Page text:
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Is specialism killing your business?

April 21, 2018

Over the millennia, specialism has served us well. Human progress and economic wealth have been built on increasing division of labor and the development of professional competencies.

But specialism also has downsides. Those ‘professions’ become protective of themselves and operate as barriers to change. ‘Specialists’ like to think they are ‘special’ – they lose context, they become self-important. And these traits soon become sources of cost, delay and barriers to change.

Pro’s and Con’s

Specialism is attractive because it tends to link to higher wages and greater status and power. So people seek to position themselves as specialist and to form tribes with like-minded individuals. On one level, that of research and ‘good practice’, this is beneficial. When it evolves to constraining others, it is not.

Today, we have myriads of specialists. Professions like law, medicine and accounting have splintered into hundreds of sub-areas of expertise. Other job roles have followed suit. We have the theories of Adam Smith operating on steroids.

And the result? For many organizations, it is virtual inertia and incompetence. It becomes almost impossible to build consensus. Expertise rules, at the expense of balance and good judgment. Decisions increasingly flow to the top due to the incapability at lower levels to reach or enforce agreement. Business and government is becoming overwhelmed by the complexity of specialism.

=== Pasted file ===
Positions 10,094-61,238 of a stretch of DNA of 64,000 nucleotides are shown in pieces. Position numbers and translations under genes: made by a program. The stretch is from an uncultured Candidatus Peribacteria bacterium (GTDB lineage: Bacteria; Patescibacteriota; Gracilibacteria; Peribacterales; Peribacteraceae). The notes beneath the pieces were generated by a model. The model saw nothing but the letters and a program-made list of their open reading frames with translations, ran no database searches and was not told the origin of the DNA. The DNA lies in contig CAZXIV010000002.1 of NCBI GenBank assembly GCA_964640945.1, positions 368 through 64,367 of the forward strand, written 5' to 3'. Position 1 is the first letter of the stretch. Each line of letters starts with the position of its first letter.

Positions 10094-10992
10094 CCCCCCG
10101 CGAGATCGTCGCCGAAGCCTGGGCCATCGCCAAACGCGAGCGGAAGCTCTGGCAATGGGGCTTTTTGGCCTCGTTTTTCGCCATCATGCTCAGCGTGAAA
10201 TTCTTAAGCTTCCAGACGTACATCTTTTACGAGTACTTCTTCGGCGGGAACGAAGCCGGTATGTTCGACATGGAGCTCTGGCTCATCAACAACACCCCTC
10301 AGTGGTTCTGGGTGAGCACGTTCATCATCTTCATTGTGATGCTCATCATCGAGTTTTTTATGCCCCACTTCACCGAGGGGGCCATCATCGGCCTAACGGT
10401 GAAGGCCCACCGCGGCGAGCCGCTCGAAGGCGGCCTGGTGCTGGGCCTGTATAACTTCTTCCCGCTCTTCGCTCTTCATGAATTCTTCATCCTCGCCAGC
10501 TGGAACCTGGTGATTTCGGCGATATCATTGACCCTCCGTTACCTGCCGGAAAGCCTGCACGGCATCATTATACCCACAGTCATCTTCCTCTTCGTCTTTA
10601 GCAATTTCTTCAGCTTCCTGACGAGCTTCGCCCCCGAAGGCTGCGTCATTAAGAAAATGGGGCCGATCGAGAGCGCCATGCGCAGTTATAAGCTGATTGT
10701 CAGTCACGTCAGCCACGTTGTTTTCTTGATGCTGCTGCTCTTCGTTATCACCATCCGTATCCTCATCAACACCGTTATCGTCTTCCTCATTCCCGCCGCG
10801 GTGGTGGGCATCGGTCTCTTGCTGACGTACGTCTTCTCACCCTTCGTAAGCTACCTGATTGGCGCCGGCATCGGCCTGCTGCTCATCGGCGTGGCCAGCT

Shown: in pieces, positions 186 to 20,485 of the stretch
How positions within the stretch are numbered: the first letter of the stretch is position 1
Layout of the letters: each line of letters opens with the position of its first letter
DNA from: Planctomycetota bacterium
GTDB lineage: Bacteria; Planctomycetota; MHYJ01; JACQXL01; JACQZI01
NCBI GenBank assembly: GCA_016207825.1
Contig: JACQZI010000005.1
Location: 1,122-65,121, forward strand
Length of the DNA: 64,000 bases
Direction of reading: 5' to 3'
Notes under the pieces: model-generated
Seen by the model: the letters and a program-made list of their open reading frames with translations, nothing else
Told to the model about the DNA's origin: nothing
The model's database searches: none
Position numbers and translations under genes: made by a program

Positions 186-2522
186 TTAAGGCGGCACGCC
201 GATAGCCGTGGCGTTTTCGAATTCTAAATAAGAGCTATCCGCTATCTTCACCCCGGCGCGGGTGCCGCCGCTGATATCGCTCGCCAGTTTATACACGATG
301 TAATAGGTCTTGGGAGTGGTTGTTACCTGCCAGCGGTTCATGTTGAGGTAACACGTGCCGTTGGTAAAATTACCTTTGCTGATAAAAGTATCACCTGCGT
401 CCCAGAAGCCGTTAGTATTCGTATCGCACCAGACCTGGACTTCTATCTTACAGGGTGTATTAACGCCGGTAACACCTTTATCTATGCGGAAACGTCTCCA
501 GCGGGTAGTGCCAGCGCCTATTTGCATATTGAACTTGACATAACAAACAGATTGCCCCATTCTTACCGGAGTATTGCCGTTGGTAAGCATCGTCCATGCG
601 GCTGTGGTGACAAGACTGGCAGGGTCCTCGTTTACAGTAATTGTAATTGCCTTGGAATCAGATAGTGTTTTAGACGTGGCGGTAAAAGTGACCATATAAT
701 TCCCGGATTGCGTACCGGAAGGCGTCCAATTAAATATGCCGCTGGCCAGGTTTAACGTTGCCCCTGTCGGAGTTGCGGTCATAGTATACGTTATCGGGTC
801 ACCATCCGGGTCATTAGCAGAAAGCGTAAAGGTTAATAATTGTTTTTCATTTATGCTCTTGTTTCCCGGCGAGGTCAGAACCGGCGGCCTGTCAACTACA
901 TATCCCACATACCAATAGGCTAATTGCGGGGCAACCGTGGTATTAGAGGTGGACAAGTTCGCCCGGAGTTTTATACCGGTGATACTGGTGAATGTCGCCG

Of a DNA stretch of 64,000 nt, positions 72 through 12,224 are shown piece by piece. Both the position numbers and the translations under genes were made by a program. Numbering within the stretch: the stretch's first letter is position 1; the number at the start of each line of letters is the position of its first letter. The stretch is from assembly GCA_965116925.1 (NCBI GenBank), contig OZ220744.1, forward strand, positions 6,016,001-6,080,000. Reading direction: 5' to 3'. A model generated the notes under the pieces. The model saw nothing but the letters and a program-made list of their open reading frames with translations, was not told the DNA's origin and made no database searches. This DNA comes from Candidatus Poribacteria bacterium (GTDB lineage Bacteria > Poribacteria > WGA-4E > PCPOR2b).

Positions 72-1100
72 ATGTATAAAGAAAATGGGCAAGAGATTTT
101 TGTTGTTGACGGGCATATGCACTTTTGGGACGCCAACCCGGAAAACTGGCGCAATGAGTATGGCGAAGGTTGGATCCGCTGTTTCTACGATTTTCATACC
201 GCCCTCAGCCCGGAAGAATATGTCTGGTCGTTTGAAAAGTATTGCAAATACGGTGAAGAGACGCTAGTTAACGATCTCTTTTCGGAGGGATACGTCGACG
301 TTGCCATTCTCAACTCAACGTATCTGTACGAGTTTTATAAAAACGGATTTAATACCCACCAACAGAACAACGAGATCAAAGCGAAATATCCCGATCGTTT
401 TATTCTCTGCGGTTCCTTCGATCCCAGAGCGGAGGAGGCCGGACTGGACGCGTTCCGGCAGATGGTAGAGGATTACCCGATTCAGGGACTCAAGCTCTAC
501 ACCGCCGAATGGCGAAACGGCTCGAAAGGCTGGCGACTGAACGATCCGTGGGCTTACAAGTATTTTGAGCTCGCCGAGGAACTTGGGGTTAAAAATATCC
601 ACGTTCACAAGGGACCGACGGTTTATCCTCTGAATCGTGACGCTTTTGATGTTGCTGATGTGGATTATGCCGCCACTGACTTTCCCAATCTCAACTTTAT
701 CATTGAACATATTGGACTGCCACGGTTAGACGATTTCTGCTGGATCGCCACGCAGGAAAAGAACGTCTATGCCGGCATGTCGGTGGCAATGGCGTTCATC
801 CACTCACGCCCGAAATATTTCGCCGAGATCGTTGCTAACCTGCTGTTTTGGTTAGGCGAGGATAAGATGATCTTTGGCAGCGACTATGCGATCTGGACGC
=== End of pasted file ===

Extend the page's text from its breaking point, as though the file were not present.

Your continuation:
A new approach

The answer, of course, is not to dismiss specialist knowledge, but to deploy it in new and different ways. Much current specialism must be automated. In the same way as machines took the jobs of weavers, blacksmiths, joiners and turners, they will now take those of many specialists. History shows that we move through cycles during which power groups emerge, gain control and then implode under the forces of progress.

Artificial intelligence systems are making specialist knowledge far more accessible and will make it also more reliable and fact-based. But having rapid and immediate access is not the same as interpreting and, more important, collating all that knowledge to reach an informed and balanced decision. And that’s why commercial judgment is becoming increasingly important – an ability to synthesize and reconcile data that may often be contradictory or in conflict and to develop a viable solution.

Mechanization was highly disruptive, yet ultimately drove improvement in social wealth and welfare. It also required a new breed of mechanics to manage it. Automation will be the same. And just as those who failed to mechanize or to hire mechanics went out of business, so will those who are too slow to adopt automation or to build the skills to manage its output.


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